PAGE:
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Motto


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Motto



The motto was originally a war cry or slogan. Mottoes first began to be shown with arms in the 14th and 15th centuries, but were not in general use until the 17th century. Thus the oldest coats of arms generally do not include a motto. Mottoes seldom form part of the grant of arms: Under most heraldic authorities, a motto is an optional component of the coat of arms, and can be added to or changed at will; many families have chosen not to display a motto.

Motto: Sionnach aboo
Motto Translation: The fox to victory


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MacShinnack Family Crest Products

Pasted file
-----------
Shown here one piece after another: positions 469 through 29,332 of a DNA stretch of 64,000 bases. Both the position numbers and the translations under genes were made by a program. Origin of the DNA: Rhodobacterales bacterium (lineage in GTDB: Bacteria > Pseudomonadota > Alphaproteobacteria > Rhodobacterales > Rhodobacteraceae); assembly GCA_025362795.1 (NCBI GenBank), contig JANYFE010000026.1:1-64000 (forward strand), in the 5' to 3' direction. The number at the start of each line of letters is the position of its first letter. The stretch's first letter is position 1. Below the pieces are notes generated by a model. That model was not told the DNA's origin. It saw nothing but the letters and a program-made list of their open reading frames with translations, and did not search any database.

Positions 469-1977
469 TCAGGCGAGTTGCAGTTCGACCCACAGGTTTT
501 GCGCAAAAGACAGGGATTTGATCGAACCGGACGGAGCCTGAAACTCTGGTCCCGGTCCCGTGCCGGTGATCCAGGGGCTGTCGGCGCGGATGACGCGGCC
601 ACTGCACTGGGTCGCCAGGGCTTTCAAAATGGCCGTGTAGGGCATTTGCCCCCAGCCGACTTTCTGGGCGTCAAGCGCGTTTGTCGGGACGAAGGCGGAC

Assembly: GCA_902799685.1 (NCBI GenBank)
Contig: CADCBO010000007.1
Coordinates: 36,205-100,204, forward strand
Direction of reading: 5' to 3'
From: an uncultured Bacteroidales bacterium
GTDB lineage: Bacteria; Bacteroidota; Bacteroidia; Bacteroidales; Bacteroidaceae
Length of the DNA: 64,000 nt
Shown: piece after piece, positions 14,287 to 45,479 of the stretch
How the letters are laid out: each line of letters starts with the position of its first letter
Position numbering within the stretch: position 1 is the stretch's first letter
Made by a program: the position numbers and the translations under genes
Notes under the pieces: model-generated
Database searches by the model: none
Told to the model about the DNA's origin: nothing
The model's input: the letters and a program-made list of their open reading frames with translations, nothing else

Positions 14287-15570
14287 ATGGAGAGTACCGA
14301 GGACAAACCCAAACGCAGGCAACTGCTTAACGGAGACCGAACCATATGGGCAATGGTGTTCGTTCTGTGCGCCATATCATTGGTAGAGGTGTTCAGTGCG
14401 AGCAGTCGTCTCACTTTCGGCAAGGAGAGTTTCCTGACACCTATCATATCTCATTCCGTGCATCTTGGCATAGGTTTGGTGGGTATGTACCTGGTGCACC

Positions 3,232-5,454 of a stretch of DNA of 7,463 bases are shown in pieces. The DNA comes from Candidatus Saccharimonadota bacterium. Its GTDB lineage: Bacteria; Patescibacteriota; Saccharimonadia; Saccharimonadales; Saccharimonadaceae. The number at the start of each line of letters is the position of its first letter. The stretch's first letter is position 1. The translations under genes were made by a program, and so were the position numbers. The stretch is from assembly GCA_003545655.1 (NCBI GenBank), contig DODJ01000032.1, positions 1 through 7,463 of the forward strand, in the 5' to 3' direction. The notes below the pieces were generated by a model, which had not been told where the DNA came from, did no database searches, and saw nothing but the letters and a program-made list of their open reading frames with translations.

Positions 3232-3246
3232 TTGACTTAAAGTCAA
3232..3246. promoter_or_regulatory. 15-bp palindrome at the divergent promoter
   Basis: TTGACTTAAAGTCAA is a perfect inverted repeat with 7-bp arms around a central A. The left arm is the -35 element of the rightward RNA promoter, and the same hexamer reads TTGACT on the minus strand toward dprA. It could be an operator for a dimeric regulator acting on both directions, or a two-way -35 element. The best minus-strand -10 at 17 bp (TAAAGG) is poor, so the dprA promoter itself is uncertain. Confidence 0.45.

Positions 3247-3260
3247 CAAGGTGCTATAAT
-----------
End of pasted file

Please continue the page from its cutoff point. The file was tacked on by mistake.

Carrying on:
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MacShinnack Family Crest Products




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See Also


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See Also




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Citations


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Citations



    Other References

    1. Fitzgerald, Thomas W. Ireland and Her People A Library of Irish Biography 5 Volumes. Chicago: Fitzgerald. Print.
    2. Fairbairn. Fairbain's book of Crests of the Families of Great Britain and Ireland, 4th Edition 2 volumes in one. Baltimore: Heraldic Book Company, 1968. Print.
    3. Robb H. Amanda and Andrew Chesler. Encyclopedia of American Family Names. New York: Haper Collins, 1995. Print. (ISBN 0-06-270075-8).